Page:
by Prof Michel Chossudovsky, Global Research:
The Christmas Truce of 1914 was an initiative of the soldiers on both sides; it was a mark of human solidarity and fraternity against the political and military architects of World War I.
The Spirit of Christmas in December 1914 prevailed:
“In the front lines, the fraternisation of Christmas Eve is continued throughout the day; not all units know about it, and it is not universal but is widespread over at least half of the British front. Many bodies that have been lying out in no man’s land are buried, some in joint burials. Many men record the strange and wonderful events; may men exchange tokens or addresses with German soldiers, many of whom speak English. 81 British soldiers die on this day; a few die in areas that are otherwise peaceful and with fraternisation going on, victims of alert snipers. In other areas, there is considerable activity: 2nd Grenadier Guards suffer losses in a day of heavy fighting. As night fell, things grew quiet as men fell back to their trenches to take whatever Christmas meal that had been provided for them.”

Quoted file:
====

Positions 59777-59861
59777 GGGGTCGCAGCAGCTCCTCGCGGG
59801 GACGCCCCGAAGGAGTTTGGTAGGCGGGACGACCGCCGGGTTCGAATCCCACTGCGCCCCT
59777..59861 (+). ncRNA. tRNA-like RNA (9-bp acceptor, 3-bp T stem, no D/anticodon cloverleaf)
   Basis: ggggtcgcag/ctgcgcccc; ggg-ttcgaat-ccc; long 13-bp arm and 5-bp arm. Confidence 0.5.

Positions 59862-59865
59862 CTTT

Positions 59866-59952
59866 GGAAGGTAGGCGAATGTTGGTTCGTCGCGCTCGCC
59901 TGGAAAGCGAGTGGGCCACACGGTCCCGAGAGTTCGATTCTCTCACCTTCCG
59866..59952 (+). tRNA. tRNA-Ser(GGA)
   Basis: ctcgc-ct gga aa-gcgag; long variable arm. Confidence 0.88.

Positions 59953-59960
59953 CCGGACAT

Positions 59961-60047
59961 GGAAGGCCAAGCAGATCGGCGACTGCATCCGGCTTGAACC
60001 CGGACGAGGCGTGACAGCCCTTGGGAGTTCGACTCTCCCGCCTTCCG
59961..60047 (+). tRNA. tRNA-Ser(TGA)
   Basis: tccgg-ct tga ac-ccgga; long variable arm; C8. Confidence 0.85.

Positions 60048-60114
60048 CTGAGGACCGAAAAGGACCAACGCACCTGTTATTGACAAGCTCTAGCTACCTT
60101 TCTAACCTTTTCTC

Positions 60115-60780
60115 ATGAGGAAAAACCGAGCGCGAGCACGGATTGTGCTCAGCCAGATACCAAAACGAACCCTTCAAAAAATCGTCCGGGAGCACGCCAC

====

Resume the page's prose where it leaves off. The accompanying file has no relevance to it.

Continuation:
The Military High Command on both sides was firmly opposed to the Spirit of Christmas in the trenches. The Mot d’ordre of the French and British high command was to promote an “offensive spirit” in the trenches. In the words of General Sir Horace Smith-Dorrien, “Friendly intercourse with the enemy, unofficial armistices, however tempting and amusing they may be, are absolutely prohibited“:
Instructions were issued to commanders of all Divisions:
“such an attitude is however most dangerous for it discourages initiative in commanders and destroys the offensive spirit in all ranks…the Corps Commander therefore directs Divisional Commanders to impress on subordinate commanders the absolute necessity of encouraging offensive spirit…”